By purchasing a controlling interest in stock in the St. Louis and San Francisco in early 1882, Collis P. Huntington and Jay Gould blocked the ATSF interest in completing the Atlantic & Pacific line to San Francisco. In a compromise agreement, the joint line reached Needles in August 1883 where a connection was made with the SP's branch from Mojave. As predictable, the connection saw little freight traffic as the SP used discriminatory practices to direct eastbound traffic over its own line through Yuma. Through passenger service was begun, following completion of the ATSF bridge over the Colorado River at Needles.
California Southern Railroad Builds Northward from San Diego
San Diego businessmen had long fought for a railroad. After the failure of the proposed Texas Pacific Railway, San Diegians, most notably land developers Frank and Warren Kimball, unsuccessfully tried to convenience the SP to extend a line to the city during the late 1870's. In October 1880 the California Southern Railroad was chartered to build northward from San Diego toward San Bernardino with the intention of meeting the Atlantic and Pacific as part of an arrangement between the San Diegans and the ATSF.
The California Southern Railroad began building a line north from San Diego through Oceanside, then inland through Fallbrook, Temecula Canyon and Perris, reaching Colton in August 1882. After several legal skirmishes with the SP, the CS installed a crossing and completed their line to San Bernardino.
In August 1884 the ATSF managed to reach an agreement to lease, then to buy the SP line from Needles to Mojave. Reports differ as to the reason SP accepted this agreement, a popular belief was that ATSF management had threatened to inaugurate ruinous transcontinental competition to Guaymas over its Sonora Railway line in Mexico. Another possibility is that the Atlantic & Pacific was in a position to build an entirely new line from Needles to San Francisco. By 1884 the political climate had changed. The anti-competitive practices of the Central Pacific and Southern Pacific had began to cause a public resentment and driven up the cost of influencing legislation. On October 1, 1884 the Atlantic & Pacific took over the Mojave Division.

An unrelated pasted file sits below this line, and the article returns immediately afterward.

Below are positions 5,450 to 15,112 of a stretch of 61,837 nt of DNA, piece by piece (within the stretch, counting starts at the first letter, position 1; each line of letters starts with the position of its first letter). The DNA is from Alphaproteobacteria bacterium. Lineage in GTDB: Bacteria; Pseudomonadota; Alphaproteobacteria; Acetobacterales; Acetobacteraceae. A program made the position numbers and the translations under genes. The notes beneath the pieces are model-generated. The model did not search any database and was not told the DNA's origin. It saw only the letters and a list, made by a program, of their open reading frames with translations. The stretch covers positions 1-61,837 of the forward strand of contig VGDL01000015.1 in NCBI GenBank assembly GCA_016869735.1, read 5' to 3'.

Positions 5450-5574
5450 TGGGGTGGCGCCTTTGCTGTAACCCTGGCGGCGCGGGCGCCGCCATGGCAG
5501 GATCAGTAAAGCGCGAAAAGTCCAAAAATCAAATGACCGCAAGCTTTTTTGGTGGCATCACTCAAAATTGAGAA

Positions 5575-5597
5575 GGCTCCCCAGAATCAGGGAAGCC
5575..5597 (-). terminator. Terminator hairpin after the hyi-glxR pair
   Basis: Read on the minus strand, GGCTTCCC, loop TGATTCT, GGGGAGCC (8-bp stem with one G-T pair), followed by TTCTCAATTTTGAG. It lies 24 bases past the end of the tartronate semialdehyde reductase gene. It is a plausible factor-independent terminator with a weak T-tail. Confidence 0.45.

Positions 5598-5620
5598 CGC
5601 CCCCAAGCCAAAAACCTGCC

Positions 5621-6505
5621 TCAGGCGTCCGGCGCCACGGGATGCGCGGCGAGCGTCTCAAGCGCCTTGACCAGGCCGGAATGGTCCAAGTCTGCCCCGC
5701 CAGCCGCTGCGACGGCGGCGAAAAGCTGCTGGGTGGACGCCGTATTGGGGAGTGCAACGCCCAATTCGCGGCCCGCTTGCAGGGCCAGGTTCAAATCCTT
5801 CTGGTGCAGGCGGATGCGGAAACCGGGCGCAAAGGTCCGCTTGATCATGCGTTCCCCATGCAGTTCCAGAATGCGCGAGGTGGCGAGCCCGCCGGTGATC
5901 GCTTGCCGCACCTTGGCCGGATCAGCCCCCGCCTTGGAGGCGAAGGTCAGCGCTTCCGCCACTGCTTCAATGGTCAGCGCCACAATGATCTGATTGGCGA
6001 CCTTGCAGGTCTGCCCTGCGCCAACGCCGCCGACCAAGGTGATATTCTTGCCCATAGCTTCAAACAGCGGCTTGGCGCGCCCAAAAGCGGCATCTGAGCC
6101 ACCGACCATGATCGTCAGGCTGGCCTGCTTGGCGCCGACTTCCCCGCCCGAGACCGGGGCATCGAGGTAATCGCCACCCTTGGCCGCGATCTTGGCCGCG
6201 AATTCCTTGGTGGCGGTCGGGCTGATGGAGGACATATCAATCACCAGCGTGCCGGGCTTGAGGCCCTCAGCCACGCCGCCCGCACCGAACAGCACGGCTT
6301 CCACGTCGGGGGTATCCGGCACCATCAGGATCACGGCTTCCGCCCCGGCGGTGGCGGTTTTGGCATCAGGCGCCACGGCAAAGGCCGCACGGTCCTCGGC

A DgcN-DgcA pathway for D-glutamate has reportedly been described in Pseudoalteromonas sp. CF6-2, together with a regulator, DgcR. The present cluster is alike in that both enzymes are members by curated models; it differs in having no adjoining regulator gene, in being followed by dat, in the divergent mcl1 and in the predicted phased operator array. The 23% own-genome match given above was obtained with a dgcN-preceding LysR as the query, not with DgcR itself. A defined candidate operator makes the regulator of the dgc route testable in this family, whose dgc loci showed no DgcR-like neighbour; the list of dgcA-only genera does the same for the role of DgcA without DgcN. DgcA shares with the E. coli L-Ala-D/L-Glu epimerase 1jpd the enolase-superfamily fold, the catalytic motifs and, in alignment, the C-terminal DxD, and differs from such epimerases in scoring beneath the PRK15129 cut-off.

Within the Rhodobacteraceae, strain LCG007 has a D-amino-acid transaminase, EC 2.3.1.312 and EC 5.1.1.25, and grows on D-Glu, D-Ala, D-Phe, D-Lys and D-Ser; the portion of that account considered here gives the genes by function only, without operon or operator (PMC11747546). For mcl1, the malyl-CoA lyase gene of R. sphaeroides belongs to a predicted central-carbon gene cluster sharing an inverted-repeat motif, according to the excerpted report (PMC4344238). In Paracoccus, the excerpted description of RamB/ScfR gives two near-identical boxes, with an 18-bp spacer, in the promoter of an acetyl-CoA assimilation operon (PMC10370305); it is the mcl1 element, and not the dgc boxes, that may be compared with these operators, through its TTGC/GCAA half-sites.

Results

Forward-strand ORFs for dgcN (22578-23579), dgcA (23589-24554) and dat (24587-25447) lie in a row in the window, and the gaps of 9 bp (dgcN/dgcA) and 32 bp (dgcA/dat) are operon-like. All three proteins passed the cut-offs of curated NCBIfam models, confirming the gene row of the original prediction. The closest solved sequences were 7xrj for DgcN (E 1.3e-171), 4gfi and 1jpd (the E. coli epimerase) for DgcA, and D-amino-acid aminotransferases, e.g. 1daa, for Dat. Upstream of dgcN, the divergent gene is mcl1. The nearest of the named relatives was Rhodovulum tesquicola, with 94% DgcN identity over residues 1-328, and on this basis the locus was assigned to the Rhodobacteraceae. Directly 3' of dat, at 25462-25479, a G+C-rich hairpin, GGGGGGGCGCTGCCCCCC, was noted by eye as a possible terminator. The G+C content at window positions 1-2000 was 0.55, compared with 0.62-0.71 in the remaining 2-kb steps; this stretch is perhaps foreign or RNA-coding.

Completion of Santa Fe Line Brings Competition and Lower Prices
Also in October 1884 the ATSF purchased the financially troubled California Southern Railroad. The California Southern line was extended 50 miles northward to the Mojave SP line at Barstow. On November 15, 1885 the last spike was driven on the new line through the Cajon Pass. Passengers could now travel and goods could be shipped to and from other Pacific ports from the San Diego docks.
With the ATSF line from Kansas to San Diego the Pacific Coast now complete, competition for business began. The area's freedom from transportation monopolies was assured. Prices dropped, a ticket from the Mississippi River, which had cost $125 was reduced to $25 or less by 1887. Citrus and produce farming also boomed, a result of decreased shipping costs.
Continuing problems with washouts in Temecula Canyon and economic growth in Los Angeles encouraged ATSF management to build an alternate line. In 1887 the ATSF bought and built its way from San Bernardino to Los Angeles, making Los Angeles its principal Southern California terminus.
Santa Fe opened the La Grande Station in Los Angeles on July 29, 1893, at 2nd and Santa Fe. The station was unique for Southern California in its Moorish-inspired architecture and included a first-class restaurant, The Harvey House. Damage from the Long Beach earthquake of 1933 forced its closure.
Orange Empire Railway Museum preserves and operates vintage trains on a portion of the original California Southern - Santa Fe transcontinental line in Perris, California.
Text Richard Boehle. Photo (top) Donald Duke Collection, (second) C E Watkins photo James H Harrison collection, (third) vintage postcard, (bottom) Newman Post Card Co, Richard Boehle Collection. Entire web site copyright 2002-2010, DigitalNetExpress.com, Burbank, California.